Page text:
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The Division of Industrial Relations, Workers' Compensation Section (WCS) oversees employers’ compliance with workers' compensation laws. Employers who fail to provide workers' compensation insurance may face the following penalties:

  • Administrative fines of up to $15,000
  • Appropriate premium penalties
  • Potential closure until the business obtains workers’ compensation insurance
  • Financial responsibility for all costs arising from a work-related injury
  • Possible criminal penalties for claims resulting in substantial bodily harm or death

These penalties illustrate the importance of adhering to workers’ compensation insurance requirements in Nevada.

What Does Workers’ Compensation Insurance Cover in Nevada?

Workers' compensation insurance is an essential safeguard for employees who suffer from job-related injuries or illnesses. This protection offers a range of benefits such as medical treatment, disability benefits and a portion of wage replacement while the employee recuperates. It can also aid them in potential legal battles stemming from workplace mishaps.

Although employers, being the policyholders, have a legal responsibility to ensure a secure work environment, unforeseen accidents can still happen. In these situations, workers' compensation insurance plays a vital role in serving as a lifeline for employees, allowing them to get the necessary care and monetary support, all while keeping the employer's interests secure and protected.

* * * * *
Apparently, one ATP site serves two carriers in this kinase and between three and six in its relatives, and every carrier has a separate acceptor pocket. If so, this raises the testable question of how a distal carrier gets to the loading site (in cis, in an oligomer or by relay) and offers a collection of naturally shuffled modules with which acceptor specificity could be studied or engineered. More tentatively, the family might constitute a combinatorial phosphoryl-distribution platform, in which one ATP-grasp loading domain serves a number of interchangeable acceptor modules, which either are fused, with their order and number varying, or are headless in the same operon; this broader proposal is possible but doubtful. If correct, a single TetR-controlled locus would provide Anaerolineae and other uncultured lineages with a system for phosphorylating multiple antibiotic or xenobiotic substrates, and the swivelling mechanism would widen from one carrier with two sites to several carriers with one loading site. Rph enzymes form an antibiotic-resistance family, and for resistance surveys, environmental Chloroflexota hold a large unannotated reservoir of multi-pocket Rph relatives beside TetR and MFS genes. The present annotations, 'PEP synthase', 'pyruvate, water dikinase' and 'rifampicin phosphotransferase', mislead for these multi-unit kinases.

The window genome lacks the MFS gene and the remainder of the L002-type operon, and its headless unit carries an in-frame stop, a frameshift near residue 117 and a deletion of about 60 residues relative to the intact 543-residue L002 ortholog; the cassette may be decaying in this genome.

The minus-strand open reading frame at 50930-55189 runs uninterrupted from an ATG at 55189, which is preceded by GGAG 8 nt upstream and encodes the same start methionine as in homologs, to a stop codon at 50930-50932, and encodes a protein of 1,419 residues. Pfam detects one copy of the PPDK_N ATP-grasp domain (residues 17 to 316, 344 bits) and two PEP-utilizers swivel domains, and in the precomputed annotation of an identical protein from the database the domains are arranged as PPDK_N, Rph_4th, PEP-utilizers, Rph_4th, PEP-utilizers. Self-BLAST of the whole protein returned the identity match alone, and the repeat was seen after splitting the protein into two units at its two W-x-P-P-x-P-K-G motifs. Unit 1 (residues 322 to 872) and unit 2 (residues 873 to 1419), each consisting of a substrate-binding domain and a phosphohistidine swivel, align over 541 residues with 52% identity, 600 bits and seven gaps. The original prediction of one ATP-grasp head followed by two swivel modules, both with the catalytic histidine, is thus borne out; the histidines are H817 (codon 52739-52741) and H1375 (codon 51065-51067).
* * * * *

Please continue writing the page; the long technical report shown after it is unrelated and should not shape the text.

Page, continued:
Workers’ Compensation Insurance Resources for Employees in Nevada

In Nevada, the Department of Industrial Relations manages workers' compensation, ensuring employees obtain the benefits they are entitled to after work-related injuries or illnesses. To submit a claim, employees must inform their employer about the event, get medical help and fill out a Claim for Compensation form (C-4). The employer must supply this form and send it to their insurance company within an established time limit. Employees can visit the Nevada Department of Industrial Relations website for more information.

Frequently Asked Questions About Workers’ Compensation Insurance in Nevada

MoneyGeek answered some frequently asked questions about workers' compensation insurance in Nevada, aimed at providing essential information and addressing common concerns for employers and employees in the state.

Thimble surpasses its Nevada competitors due to its efficient online processes and low average monthly rate of $188. Note that your ideal workers’ compensation insurance provider will depend on various factors, including your industry, number of employees and specific state requirements.

Pie offers highly competitive monthly premiums at around $166 for companies with 20 employees. These rates make it an excellent choice for startups or micro businesses. Note that your location, payroll size and the number of employees will determine your rate.

Nevada law requires businesses with more than one employee to obtain workers' compensation insurance. The only exception to this requirement is for sole proprietors.

The average monthly cost of workers' compensation insurance for a Nevada business with 20 employees is approximately $257, around $89 higher than the national monthly average of $168.

About Melissa Wylie

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Melissa Wylie is a Content and SEO Manager at MoneyGeek. Melissa has worked in the financial content space since 2018 and has spent much of that time focused on all things small business.

Prior to joining MoneyGeek, Melissa held SEO positions at Bankrate and LendingTree. Melissa’s work has also appeared on LendingTree-owned websites ValuePenguin and MagnifyMoney.

Melissa began her career at American City Business Journals in 2015 as a reporter for the company’s women-focused publication Bizwomen. Melissa has a Bachelor of Arts in Journalism from the University of North Texas. Melissa relies on her foundation in journalism to craft content that simplifies complex financial topics to help everyone feel confident when making decisions with their money.

Melissa's other work can be read on LendingTree and Bizwomen.